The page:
Complete Guitar Method Masterclass - Week 3 | Hany Gamal | Skillshare

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Complete Guitar Method Masterclass - Week 3

teacher avatar Hany Gamal, Level up your technique

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Taught by industry leaders & working professionals
Topics include illustration, design, photography, and more

Watch this class and thousands more

Get unlimited access to every class
Taught by industry leaders & working professionals
Topics include illustration, design, photography, and more

Lessons in This Class

11 Lessons (1h 8m)
    • 1. Week 3 Introduction

    • 2. Chords C And G7

    • 3. Chord Check 1

    • 4. Chord D And A7

    • 5. Chord Check 2

    • 6. Silent Night

    • 7. Chord Check 3

    • 8. The Double Strum Technique

    • 9. Full C Chord And Jingle Bells Strumming

    • 10. Chord Check 4

    • 11. Week 3 Conclusion

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About This Class


In this class, I will introduce you to the world of chords. Chords make the songs that we listen to every day, they are the voices that keep changing from happy to sad to anything else!

We will start easy and slow with simple chords, these are chords that were simplified from the original ones. The idea is to make you get used to holding a shape even if it's one finger and then change to another shape in time.

After you learn a few things, I created something called Chord Check. These are checkpoints to make sure that you understand and can do what we covered so far. Do not skip them please because they will accelerate your learning and serve you as an excellent practice drill.

We are going to cover:

  • Simple C and G7 Chords
  • Full A7 Chord
  • Full C and D chords
  • Double Strum

At the end of this class, you will be able to play songs like 'Skip to my Lou' and 'Silent Night' on your guitar. In just 3 weeks from the start of your journey you will be able to play these songs, can you imagine what you will learn after 3 months?

Can't wait to teach you this class, see you on the other side.

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Hany Gamal

Level up your technique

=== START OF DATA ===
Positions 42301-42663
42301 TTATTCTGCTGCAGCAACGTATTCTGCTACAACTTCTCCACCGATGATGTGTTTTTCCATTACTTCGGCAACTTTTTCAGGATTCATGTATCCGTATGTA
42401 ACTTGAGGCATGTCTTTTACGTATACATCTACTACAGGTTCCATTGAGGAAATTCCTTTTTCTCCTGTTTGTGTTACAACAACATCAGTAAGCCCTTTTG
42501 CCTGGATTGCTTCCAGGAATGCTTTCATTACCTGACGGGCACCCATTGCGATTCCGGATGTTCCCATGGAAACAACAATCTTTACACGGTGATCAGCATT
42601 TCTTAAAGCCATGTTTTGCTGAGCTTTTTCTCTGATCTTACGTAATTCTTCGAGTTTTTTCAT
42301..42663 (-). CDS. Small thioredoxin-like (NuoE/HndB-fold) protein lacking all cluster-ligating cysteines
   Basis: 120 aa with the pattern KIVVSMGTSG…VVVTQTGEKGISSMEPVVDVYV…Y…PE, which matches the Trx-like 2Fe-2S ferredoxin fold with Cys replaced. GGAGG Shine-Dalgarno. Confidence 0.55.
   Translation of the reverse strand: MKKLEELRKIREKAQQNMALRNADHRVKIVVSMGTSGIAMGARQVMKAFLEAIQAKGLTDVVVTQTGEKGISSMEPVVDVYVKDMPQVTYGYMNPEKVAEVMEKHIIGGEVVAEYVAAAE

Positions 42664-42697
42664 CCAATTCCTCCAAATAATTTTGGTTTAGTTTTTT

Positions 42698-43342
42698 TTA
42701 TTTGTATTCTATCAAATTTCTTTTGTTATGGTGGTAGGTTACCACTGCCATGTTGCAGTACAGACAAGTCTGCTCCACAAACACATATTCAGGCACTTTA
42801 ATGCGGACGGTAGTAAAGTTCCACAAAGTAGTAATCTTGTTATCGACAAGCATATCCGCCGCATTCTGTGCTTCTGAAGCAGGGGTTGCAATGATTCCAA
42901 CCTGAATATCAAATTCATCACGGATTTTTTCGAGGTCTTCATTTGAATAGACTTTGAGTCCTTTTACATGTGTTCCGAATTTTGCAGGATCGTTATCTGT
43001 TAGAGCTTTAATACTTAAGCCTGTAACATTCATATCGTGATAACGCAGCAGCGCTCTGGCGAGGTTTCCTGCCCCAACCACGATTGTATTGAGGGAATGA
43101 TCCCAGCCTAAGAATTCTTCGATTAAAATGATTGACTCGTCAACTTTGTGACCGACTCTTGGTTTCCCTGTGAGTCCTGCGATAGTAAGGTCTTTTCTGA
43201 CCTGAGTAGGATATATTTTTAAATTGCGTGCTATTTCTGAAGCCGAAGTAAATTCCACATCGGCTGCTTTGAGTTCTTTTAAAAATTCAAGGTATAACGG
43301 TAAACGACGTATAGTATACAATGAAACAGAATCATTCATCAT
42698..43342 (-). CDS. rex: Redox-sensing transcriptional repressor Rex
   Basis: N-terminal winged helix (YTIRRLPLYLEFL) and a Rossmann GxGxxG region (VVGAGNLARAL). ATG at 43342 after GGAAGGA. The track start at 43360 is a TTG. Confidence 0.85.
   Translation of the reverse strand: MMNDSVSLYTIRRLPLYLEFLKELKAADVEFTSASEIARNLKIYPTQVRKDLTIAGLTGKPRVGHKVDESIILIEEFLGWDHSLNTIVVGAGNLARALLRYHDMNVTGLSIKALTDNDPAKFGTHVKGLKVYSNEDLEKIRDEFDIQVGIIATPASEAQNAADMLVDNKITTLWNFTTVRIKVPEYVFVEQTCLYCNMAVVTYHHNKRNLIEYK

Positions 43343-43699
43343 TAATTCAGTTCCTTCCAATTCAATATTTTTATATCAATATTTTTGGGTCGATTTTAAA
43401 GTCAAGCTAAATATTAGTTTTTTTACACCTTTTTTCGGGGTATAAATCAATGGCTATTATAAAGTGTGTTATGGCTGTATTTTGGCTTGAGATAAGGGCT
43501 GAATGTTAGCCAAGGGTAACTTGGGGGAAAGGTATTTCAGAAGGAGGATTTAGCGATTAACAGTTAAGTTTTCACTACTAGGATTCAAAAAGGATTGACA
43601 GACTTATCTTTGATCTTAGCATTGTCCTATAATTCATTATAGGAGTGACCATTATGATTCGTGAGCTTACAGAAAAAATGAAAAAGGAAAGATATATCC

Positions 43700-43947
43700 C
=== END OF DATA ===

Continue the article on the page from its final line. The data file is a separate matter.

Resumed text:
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1. Week 3 Introduction: Hi and welcome to Week 3 in complete guitar method masterclass. This class is designed for the complete beginner who have never played the guitar before. However issue, this is the first time you see this class for this course. I totally recommend that you start from week one lingo to Week 2. So to catch up with week three. And this class we will cover four things. Number 1, we're going to cover the very important chords, like a C major, D major, A7. And these four cores will allow you to play lots of songs, as you will see at the end of the class. The second thing we're going to cover is something I call the code check. These are checkpoints I designed for you so we can stop and practice the course that we covered together. I will practice with you on the metronome, and I will show you how to move or change smoothly between each chord. The third thing we're going to cover is a technique called double strong. In this is a right-hand technique that will give you playing some style. Instead of playing just the down strokes, we're going to play down, upstrokes on all the chords that we learned. And the final thing we're going to cover, of course, is a song called Silent Night, where we go into play. All the techniques and all the chords are most of the course that we're going to learn in this class. Thank you for signing up in this glass as junior guitar. And let's start. See you on the other side. 2. Chords C And G7: Hi and welcome to the first lecture in this section. This section is going to be about learning the chords, the basic chords, and the strumming with the right-hand. And the first two chords we have is the C major and the G7. Now, cords are divided into families. There are the major family, the minor family, the family. There are a lot of many families and the chords. And each family has like a sound. The major are happy and the minor or sad, the G7 over the seven chord that has like the jazz, a sound. We all got. We're going to learn all about these chords. But today or this lecture, actually we're going to take the simple C and the simple G7. So we have, this is the full seat. We're going to study it later. And this is the full G7. Again, we're going to study later on. But today we only going to use one finger, which is finger number one on the left hand. And we're going to hold the second string, first fret, and play from the third string. And that'll be the C, or the simple seat, as it's shown in the chord diagram. We're not playing the six, the fifth or the fourth string. You can see the x's on the strings, and the third string is open. The second string, we hold it with finger number 1 on the first fret. And the first string also is open. And when we strongly plate as one notes, so we don't do, instead we do this. Okay? Just one firms from. Now again, this might happen to you. The first string will not be claim because of the first fingers touching it. So again, you have two options. Either you lower your thumb a little bit so to make room under the finger or cut your left hand nails. If it's due along, this might be the reason it's preventing you from pressing firmly on the frets. But usually it's the thumb, maybe your thumb is over like this. Okay. Tried to just lower your thumb MBA little bit, not too much, just a bit until you hear a nice clean sound. The G7 is going to be much easier because the first finger will go on the first string, first fret. So you don't, you're not going to have where you're not going to face the problem of muting the string, like in the C7. And again, replaying from the third string. Okay? And we're not going to play the sixth to the fifth or the fourth string, so it's the same strings, but this time just the left-hand finger. And instead of the second string is going to be on the first string, first friends. All right, so let's try the first exercise, switching between the C and the G7 chord. Now in the storming, you strongly recommend, especially if you're having an acoustic guitar or you're playing with acoustic guitar that you strung with a pick. Strumming with a finger might hurt your right hand because of the nature of the steel strings. So I totally recommend that you use a pick in this stage and all your stomach should be with a fake, even if you playing on a classical guitar. So in the exercise you'll see the first chords, which is the C, and then slashes that mean it's the same chords, okay, just continue playing the same chord until you see the G7 or change of chord. Then you change the cord and then the slashes mean just continue strumming this course. And you have, of course, the bar lines and the double bar line at the end, telling you that it's four counts, 1234. And the double bar line means it's the end of the exercise. So if we started slowly on the sea playing one, and then switch to G7, 54 and back to C one bar, one bar. And then see at toolbars. For now. To play slowly and evenly, okay, don't try to go fast right now. Practice until you can make a smooth transition when changing between the C and the G7. So after you play this exercise a few times and you make sure that you can change smoothly between these two chords. It's time to play your first song with the strumming, which is skip to my loo, and you'll find it on track number 17. You can download it and play with it. So let me turn on the metronome on 60 beats per minute. And let's play the song with the backing track 1234. Uf. Now, I'm sure your first finger hurt a little bit right now because of all this pressing, especially on the steel strings. But don't worry, your fingertips will get harder with time. So don't worry. That's why I'm telling you to practice 15 to 20 minutes. This is the amount of time that your fingers right now can tolerate the pain after that, if you go for 30 or 40 minutes, I doubt that your fingers will sustain and you'll be able to press down. It will hurt a lot. So just keep it on 15 to 20 minutes for now. And right now we learned two chords are the simple version of them. The Csa see courts are, and the G7. And we learned a song skip to my loo, tried to practice the exercise first and then move on to the song. Skip to my loo and play it with the backing track. Thank you for watching. I will see you in the next lecture where we're going to take our first core checker and I will explain what is that in the next video until then. Thank you and goodbye. 3. Chord Check 1 : Hi and welcome to Corr Check number one. So every now and then we're going to do a checkpoint and review the course that we know. And we practice those chords separately with the metronome. So in order to get them smooth and to change between them in time. So I think this is a good idea to get the chord out of the context of the songs and just focus on these courts. So today we're going to do the C and the G7. These are the two courses that we know so far. And I recommend that you practice them with a metronome on 60 beats per minutes. If you find the 60 beats per minute to be a bit fast, so you're welcome to slow it down until you get the the change between the C and the G7 smoothly. So let's start. I'm going to start with the metronome now, 1234. Okay, and then now we're gone too to the G, which is the third fret on the first string. And then to the G7, which is on the same string, but with finger number 1 on the first fret. Back to C. And back to see again. One way to practice the core checker and which is I totally recommend that you focus only on your left-hand. Meaning do not strum with the right-hand, just move the chords were the left-hand only like this, C. And then follow on with the core checker, G, and then G7, back to C, G7 and then back to C again. So do this with the metronome on four clicks and do not strong. Just tried to keep on with the time, with the rhythm, 12341234 and so on. Only the left-hand. Do not play with the right-hand. Just focus only on changing the cords. Because they're focusing on the right hand and playing the three strings. I know it takes some time and it takes a bit of your focus. So only focus on the left hand. And then after you do this for a few times, go ahead and play with the right hand. So let's do the exercise one more time without stopping. 1234. So that was core check number one. And we have 12 or 13 core chick in this course. So you'll see more of these in the coming lessons. I hope you enjoy the exercise. Thank you for watching and I will see you in the next video. 4. Chord D And A7: Hi, In this lesson we're going to learn two new chords, the D major and the A7. Now up until now we learn three chords, the CG and G7. And these were simple chords using only the first three strings, 1, 2, 3, without any base. The bass strings are the sixth string, fifth string, and the fourth string. These will make the sound of the chord and more fuller because the nature of the bass strings. So these two chords, the D and the A7, are not to the simple version. They are the full virgin or the complete one, the open courts. So we'll start with the D. It's a four strings, chords. The first string is the fourth string open. We're not going to hold anything on this one. We're just going to leave it open. And now with finger number one, we're going to hold the third string, second fret. We're going to skip the second string for now and go to the first string, fret number two. So I have my fingers now on both the second fret, on the third string and the first string. Now with the third finger, I'm going to put it on the second string, third fret. So you can see now we are holding the chords like the chord diagram. And in the chord diagram you'll see the six and the fifth string have xs, mean we don't play the six and the fifth string. We start from the fourth string like this. Again. Now, the same problem will happen to you, which is on the first string. And again, the reason is that the third finger is touching the first string. This will happen to you, don't worry. So to do this again, your left hand thumb need to be a little bit down in order to make some room under the third finger. So just the position of the hand from this to this one. Okay. Try to keep your thumb, you left hand thumb straight beyond the second fret. So this will force the third finger to move in the correct position. If visited and happened on the spots. Don't worry, it will just try to gets used to the shape of the chord and memorize the shape of the course. So let's try it again one more time. So we start with first finger on the third string, then the second finger on the first string, and finally the third finger on the second string. And you can memorize it by the shape, this triangle shape. And most important too, when you play, play from the D, because that's what we call the root note. The courts is called D and this is the denote. Try not to play from the fifth. Sounds a little bit off, but when you play from the 66 will sound really out of tune. It does not belong this node to, this node does not belong to this course. So try to stick for with the fourth string open. Now, let's talk about the A7 chord. Let's finger the first and the second finger only of the D-major. Alright? And this is just the first two fingers. Leave the third finger out. I want you to move these two fingers as a block, one string up, and then play from the fifth string. And that will be the A7 chord. Again, like I said, the chords are divided into families. The seventh chords are more likely to jazz chords. The major chords are the happy courts. Can see how the sound is very different from the major. How to resolve. And here, now some people hold this chord with finger 23. Both are correct, depends actually where you're going from. R, which court you're going to play next, or which chord you go and you were playing before the chords A7. But you will find these all over the guitar chords. Some courts have 234 fingering and some chords like the D has only one finger. Or the full C-Major as we go on to study it later. So A7, finger one and finger to same as the D. You just need to move it one string up. Again, if this happened to you, that means you are leaning on the strings or your thumb is too high, you just need to adjust your hand. And you will be clear. You can adjust your hand and play the first string until you find the correct position. I'm trying to stick to this position. Okay, time to play these chords and to change between them. Now and they exercise, we have three scrums and every bar that's 34. Now instead of playing three storms, we going to play one strum only every three clicks on 60 beats per minutes, like this. 2312. Okay? And that's to make a little bit time for you to change between the courts. So you have three clicks to change between the cords. And we only go into play the D and the A7. So 60 click per minutes. One, 23, vector d Now a seven. And back to D. Okay, so you saw me how I changed between the D and A7 uses take the third finger off from the D and move the two fingers up. And then from A7 2D, you take the two fingers down and put the third finger and place and you have the D major chord. So it's really just this technique here to change between the A7 and the D-major. Again, you can take your time and play with the left-hand only just practicing. Taking the third finger off. Move the two fingers up, and then move the two fingers down and add the third finger without in his charming without worrying about the tone or the, the quality of the sound. We're just practicing the fingers like this. You can do this for minutes or 20 minutes. And you'll be amazed of the results you will get when you do these drills. Just that the silent drills. Without worrying about anything, you're only focusing on the left-hand fingering and the left-hand position. Practice changing between these two chords very smoothly, very slowly. And I will see you in the next video where we're going to take the core check number 2 and play all the chords we learned so far, which are the c, g, G7 and of course the A7 and the Dean. Thank you for watching, and I will see you in the next video. 5. Chord Check 2: Hi and welcome to core chick number two, we're going to play all the chords that we learned, the simple, see, the simple G, the symbol G7, and of course the A7 and the D major. So we'll start with four clicks on 60 beats per minute. And we're not going to do for Ostrom's, we all got to do one strum only and take the four clicks to change between the courts. Like this. 1234. So you kinda playing whole notes, okay, and the four clicks, a whole notes use a splay onetime and you count four clicks and take the forklifts to change between the next chord and so on. This will give the your hand, excuse me. This will give your hand more time to play smoothly and to think about the, what's coming in the next bar. So let's try that. 1234. Mostly g moved to G7, back to C. Now to A7, down to D, then back to G7, up to C, G, back to G7, finish on C. So as you can see, it's okay. That's you a change in the middle of the court for now. Just to for example, from C to G to A7, 1, 2, 3, 4. So it's okay to cut the time of the sea and older for you to go to the next chord. Okay, this will just for now until you get used to changing between the different chords. And then you can take more time and play the C, 1, 2, 3, 4. So to change in time. But for now you can, I don't want to say cheat, but it's just like a beginner exercise to learn or teach your fingers how to move between the different chords. Sometimes you can, if you want, you can take more than four clicks. If the court is really hard for you. Mature example between the A7 and the d, You can take eight clicks like this. 12341234. I mean, there's no rule to change between the cores when you practice them. Don't worry about, no, I have to change an every beat or in every two beats on every bar. I have to go in time. This is later. Right now, we are still learning your fingers to learning the shape of the chords. So this process will take some time. Don't listen to other musicians say that you have to change in time on the beat. This is later on. In this stage, you need to first to get used to the shape of the chords, how to smoothly change between them. And the only way I know is to play it with the metronome on three clicks for clicks, five clicks, or even eight clicks, do whatever necessary to change smoothly between the courts. Thank you for watching this video. Take your time and use the metronome on four beats or eight beats to change smoothly between the chords. Practice number 1 and Korczak number 2, until you can really smoothly changed between them. Not fastly, I mean smoothly without having any tension in your left hand. And when you do that, move on to the next song, which is Silent Night, where we're going to use the symbol G and the D major and the simple C to play this lovely, beautiful song. Thank you for watching, and I will see you in Silent Night. 6. Silent Night: Solve. Hi. In this lesson, we're going to learn how to play the beautiful song Silent Night, which uses the simple G, D major and the simple C. So if we start from the beginning, the song is in 3 4, that means we count 123. Now, a little tip here is tried to make the first strong louder than the other two. Like this. This will help you keep, Where are you are, which bar you are in? To count the bars. So 123123123. Okay, so that was the four bars of the g. It will make your life a little bit easier in the counting to know which mar your in because if he played the oldest drums in the same volume, you might get lost in the bars. And the way to make the volume a little bit softer is too softly. Just brush over the strings. And to make it louder, just stress your picking on the strings and to make it soft. Brush it, or brush your fingers or the pick over the string band. The change between the G-Major and the D major is repeated frequently throughout the song Silent Night. So the best way to do this is when you hold a G, just stick the third finger on the second string, on the top fret we have from here to here, and then hold the D-major, or the first and the second finger. So let's practice changing between the G and the D major. 60 beats per minutes. You can do it on eight clicks and then try to do them for clicks. So 12341234. Okay? And then back to G if you want. It's very important to change and to keep your fingers and your hands very relaxed, okay, don't try to force the change. This will result in a lot of mistakes. And we're not learning this change for only this song. We're lending this change for other songs to come. So it's really vital to change very smoothly and to keep your hand very relaxed. And we're playing two bars of D. And then to go from D to G is easy. Just put the third finger on the first string and take off the first two fingers and play from the third string. Now if you did the Korczak number one and number two, the song will be very easy for you. Moving on to see back to G again. And we're going to repeat this line, c twice and G twice. Again. We go from G to D. And now to G again. This time we're playing it three times. Back to D, one bar, and then finishing with two bars, g. So I think the heart change here, or the difficult one is to go from G to D. And to practice this like I showed you, is to just put the third finger on the top string on the same, the third fret, and then hold the first and the second finger on the fourth string. The backing track number 19 contains the song with the lovely voice over Shamash L M, and which is my friend who was sing all the songs. So you're free after you play and practice the song to play along with the backing track. The backing track is on 80 beats per minutes. So it's a little bit faster than 60, but still very playable. Thank you very much for watching. I hope you enjoyed this lesson. I will see you in the next video in court check number 3. Thank you and goodbye. 7. Chord Check 3: Hi and welcome to core check number three, we're going to focus on the simple G, the symbol C, the D major, and the A7 courts. So let's try and play first. One, strum on 60 beats per minutes. I like the whole notes draw. 1, 2, 3, 4, moving to c. And now to D From the fourth string. Back the GI. Now to A7 from the fifth string, back to d, back to g again, C, D, and finish on G. So try this first playing chords, a whole notes, just one strong for four beats. Then you might try to do it on two beats like half-note strum, like this. 124242. So I stopped every two beats. Again, this will make your time a little bit shorter. For first, we played on for strummed or four clicks, every four clicks, then every two clicks, 1234. And now we're going to do it's like in the exercise, every one-click. Now if you find this speed to be a little bit faster, by all means, slow it down to 50 or 40 or even 30 and tried to play with every strong with every click. I'm just showing you how to do the exercise. The speed is up to you. If you find the speed to be fast, slow down, and just work your way out with the core change. I really hope you're enjoying these exercises. I don't think that the court check is little repetitive. You think that, well, we've done these chords before. Well, we are reinforcing the habit of changing the courts because at this point or this stage is really important to be very accurate and to change the chords very smoothly without any tension. And the fingers on the hand. I know I sound like a broken record on this one, but it's really vital that you do. So thank you for watching this video. Please do these exercises by itself like a warm-up for five minutes. Every time you hold the guitar to practice, just start with a CT check number one, number two, and number three, only for five minutes. And in a few days or a few weeks depends on how frequent you practice. You will find yourself progressing and you're not thinking about the core change anymore. Thank you for watching, and I will see you in the next video. Bye. 8. The Double Strum Technique: The most common way to play the chord or to strum the guitar is to play in a double strong. So instead of sounding like if would lay the D, instead of sounding like this. Usually what you hear is this. And that's what we call a double strong. That means when you play, you play down and up. And this is what we're going to talk about in this video. So if you remember from our discussion in the eighth notes, we divide the beat into two equal half, and we count it 1234. And so if I, I played with the metronome. So this is the one beat and this is the strumming that we use so far. Okay, Now if I change that to the eighth notes, it will sound like this. 12341. And the way to do this is to you strum down, usually and then on the upside from you play the highest two or three strings. And since we playing and the simple G, three strings, you can do on the app the first two or three. It doesn't matter. Okay, There's no hard rule on this. If you're playing the D is strong, the force strings down. And then on the AP, US trauma, the two or the three. On the A7, you start from the fifth string. And then on the LP, play the fifth, the first, the second, or the second, first, second, third. Okay, now let's talk about how you actually going to do this, the upstroke. So when your hand gets down, all you'd need to do is this brush lightly with the PEC. So do the upstroke. Okay, you're swinging your hand up. They in a slow motion maybe. And the double strong, as indicated by this symbol. And the down arrow means strum down and the upper main strum up. Now the only problem you will face that it's now even more shorter time to change between the chords. Until the, this exercise, it was a one beats 1234, then 1234. But now it's going to be 12341. Okay, so it's going to be even shorter time to change between any given to courts. So let's start with the G. You can stop and change the chords and then play the strum. One more. Stop. Change to D, 1 and 2, and 3 and 4, and stop and change to G 1234. And so the stopping will take this pressure off you that you need to change in time. We are practicing the right-hand technique first. And then when you get better with everything, with the core check and with the right-hand at then we're going to put them altogether. But for now I just want you to focus on getting the right-hand technique, writes the double strum. Don't worry about changing in exactly that the time with the metronome. So I don't want you to feel this pressure. Just focus on the double strum for now. So let's try this exercise again with the metronome, but this time with 50 beats per minutes, not 60, 1234. And don't worry if you can't play this exercise like this right now. I'm just showing you how supposed to sound with the metronome. Take your time and play the double strong stop and change to A7, stop and change to D. And when everything comes together with practice, you'll be able to play this exercise in the right timing. Thank you very much for watching. I hope you enjoyed these lessons and I will see you in the next video where we go into play Jingle Bells again. But this time with a doubled strong, not the melody. Thank you and I will see you then. 9. Full C Chord And Jingle Bells Strumming: Gene. Hi, In this lesson we're going to learn a new Full Court, which is the C major, and the Jingle Bells song with the strumming courts. So let's take a look at the new chords, the C major or the full C-major chord. So you know the simple C, we put the first finger here and you should be aware with this chord by now. We going to add two more fingers on the fourth string and the fifth string. So we're going to skip the third string, would play it open. And on the fourth string, we're going to hold the second fret with finger number 2. And then keeping everything, keeping these two fingers, we're going to stretch the third finger on the fifth string. Third frets. And we're going to play from the fifth string. So we're not playing from the sixth string, we don't play the sixth string. Sounds awful with this cords. So we started with the root node, which is this note, which is a C note. You can see, or you can hear how this is fuller than this. Okay. This is the triad or the three notes that make the court. But there's no bays with this one, we have the base on the fifth and the fourth string, so it's more fuller. So for the Jingle Bells song, you can actually start with the simple C until you get familiar with the chords and then starts playing or start to applying the new chords. Then you see chords, the full one. So let's try and play Jingle Bells with the simple C first and playing the double strum, counting 1234. And so we're starting with the G. Okay? So that was the first line would play the G chord four times. And counting 12341234. And now we go to the sea, the simple one. And who played for one bar? 1234 and back to G, and now to A7. So we have these two fingers free. We're going to do the A7. And we play from the fifth string. And now we go down to D. And then back to the simple G from the third string. Again four times, back to C. So it's the same as before, but the first two bars are the same, the C and the G. But in the last two bars instead of A7 D, We're going to go for D and then back to G. So from a, C, 1 and 2 and phase 3 and 4 and g 12, and now to D, and then back to G again. And that's the end of Jingle Bells. So I recommend that you play these chords first, the simple C and the G and the A7 until you get to use to changing between these chords and the right-hand strumming, the double strum. And now let's try and play the full C major chords and see how are we going to actually change from G to the full seat. You start on the G one strum, and then you go to the same position as the simple C. But now you have to add these two. Now this two fingers will be a little bit challenging in the beginning because of the third string that we are skipping, the third one. So usually what happen is you're going to put the second and the third finger like this. This is actually a, another chords. But it's not the sea. This is something else. We don't want that because it sounds very different from the C major. Okay, so try to pinpoint the fourth string, second fret, and tried to keep these two fingers move as like one, like in units. So if you go from G, C, and then these two fingers goes and go to the fourth and the fifth string at the same time as the units again. And you can do the drill that we we practiced before, the four clicks or eight clicks, 12341234. And then move to the C, and then do it with four clicks, 2, 3, 4, and then move to C major. So try practicing this. And again from C to G is going to be easier because he taking off the fingers and moving to G. So from C to the chord through or the G or the A7, it's easier because you're taking off these two fingers. That's causing the problem in changing. It's going to the C major is the issue here. But let me tell you something that the C major is almost an old the chords and an older songs that you know, because it's, it's a key cord. And most of the keys, like the key of C major and the G major. I know we haven't talked about the keys and the theory, but the C, you will, you will see the cords. And often in many songs, if not all of them. So let's go ahead and try to play Jingle Bells with the full C-major chord now, 1234. Okay, so that was Jingle Bells and the C major chord. Practice these to practice the C-major first, okay, tried to move unchanged smoothly. It's not going to happen instantly, although you have one finger covered from the previous lessons. But these two will take some work and some time and don't give up, don't worry about it. You will know how to play it in no time, especially that The next lesson is the chord checker number four. And we go into play. We're going to practice with the full C major chord. So I'll see you in the next lecture until then. Thank you and goodbye. 10. Chord Check 4: Hi and welcome to coat check number four. And this one we're going to cover the full C major chord, the G7 and the D major, and the simple G. And we're gonna do this with the double strong. So in the beginning, let's start and play the chords with four clicks. Let's try it on 61234. So now that we did it on the four clicks, Let's try it again on the same speed. But this time, every two clicks we go into Switch 1234. So try and practice these two drills, the four clicks and two clicks for a few minutes. And before you move on to the next one, which is the one beats, we're going to play a chord every one beats 1234. Okay, so we reach to the last drill, which we're going to play now, which is the double strum, okay, if you think this is going a little bit fast for you, you can pose and you can play and your own pace. But I'm just showing you the sequence or the progression of what you should do and every core check with the new chords that you learn. So let's play the chord check number four on doubles term number now, 12341 thing I want to say at the end is sometimes you get confused. Do I look on my left hand or do I look on my right hand? If I look at my left hand, my right-hand get messed up because you tend to play the wrong string. For example, on the D major, you might start from the fifth string. And on the G major you might start on the fourth string, and instead of the third string. If this happens, you can of course, look on the right or keep your sites switching between the right and the left hands. And this is one thing. The second thing is with time, your right hand and muscle memory will know the distance and the intervals between the strings. So this won't be a problem anymore. But for now, you've, of course, you can look in the right-hand at certain chords and on the left hand at another courts in the C major, I'm sure you're going to look at your left hand. You're not going to worry about the right-hand because you want to head the correct frets and the correct strengths. But for example, with the G, you can look to the right-hand because the left hand is, you got it by now. It's very easy by now for you. So you might look at the right-hand to make sure you playing from the third string, not the fourth or the fifth string. So switch between the right and the left hand as you do these exercises and the core check from one to four. And these drills are specifically made for this reason to focus on the switching and playing the chords from the correct strings. So I hope you are enjoying these drills, and this is the end of the section. And the next video we're going to talk about what you learned and what we covered in this section. Until then. Thank you, and I'll see you then. 11. Week 3 Conclusion: Congratulations on finishing section three, simple chords and strumming. We learned a lot of things in this section. And I would like to congratulate you on that. So the first thing we learned was the important chords, the sea, A7, D, and G7 chord. These chords will make you play a lot of songs, as you'll see in the end of this video. The second thing we learned was the Korczak number one to number four. And we, that allowed us to change between these chords and of course, the double strum, the technique that we learned on the right hand, that made the guitar and the court sounds more interesting and sounds more like a guitar chords as we learned in the videos. So all of these techniques and all these chords we learned in this section, tried to practice them, tried to dedicate 1015 minutes of your time and change between the CIA 70 G7 chords with the chord check number one to number four and there's something not clear. I recommend that you go back and watch the video lesson and take your time and slow down and everything will fall into place. So you might be wondering what type of songs I can play with these four quarts. If you go to guitar player, their websites you're seeing now, and you can click on Choose your chords. This is a unique website because you can choose the chords you know, And according to these chords, a website will give you the names or the songs that you can play with these courts. So for example, I might check C and D and G. And I select, I can only play these or the selected chords. And then he will give you the songs that you can play. I have a dream by the ABA and uses the Cdg. Okay. And you can see there the three-letter birds by Marley, Hound Dog by Elvis Presley, and so on. So the more chords, you know, you can come back to the website and choose more cores. And of course, the more the chords, the more the songs list and that you will be able to play. And again, if you click on the song, I think he can give you, yeah, there you go. And the chords and the lyrics. And of course you can try and play those songs. It's a perfect practice. And their encourage you to do this with every new chords that you learn, that you come back here and just play more songs. And if you get lost, you can go here, learn to play or sorry, list of songs and choose songs by selecting chords. And you can come back and choose more cores. Of course, we're going to learn more minor chords and this will open the doors to even more songs for you to play. That's it for this section. I hope you enjoyed it. We learned a lot of stuff and more stuff to come in the next section, we have adding accent and more chords, of course. And for lovely songs, I can't wait to teach you how to play it. Thank you, and I will see you in the next one.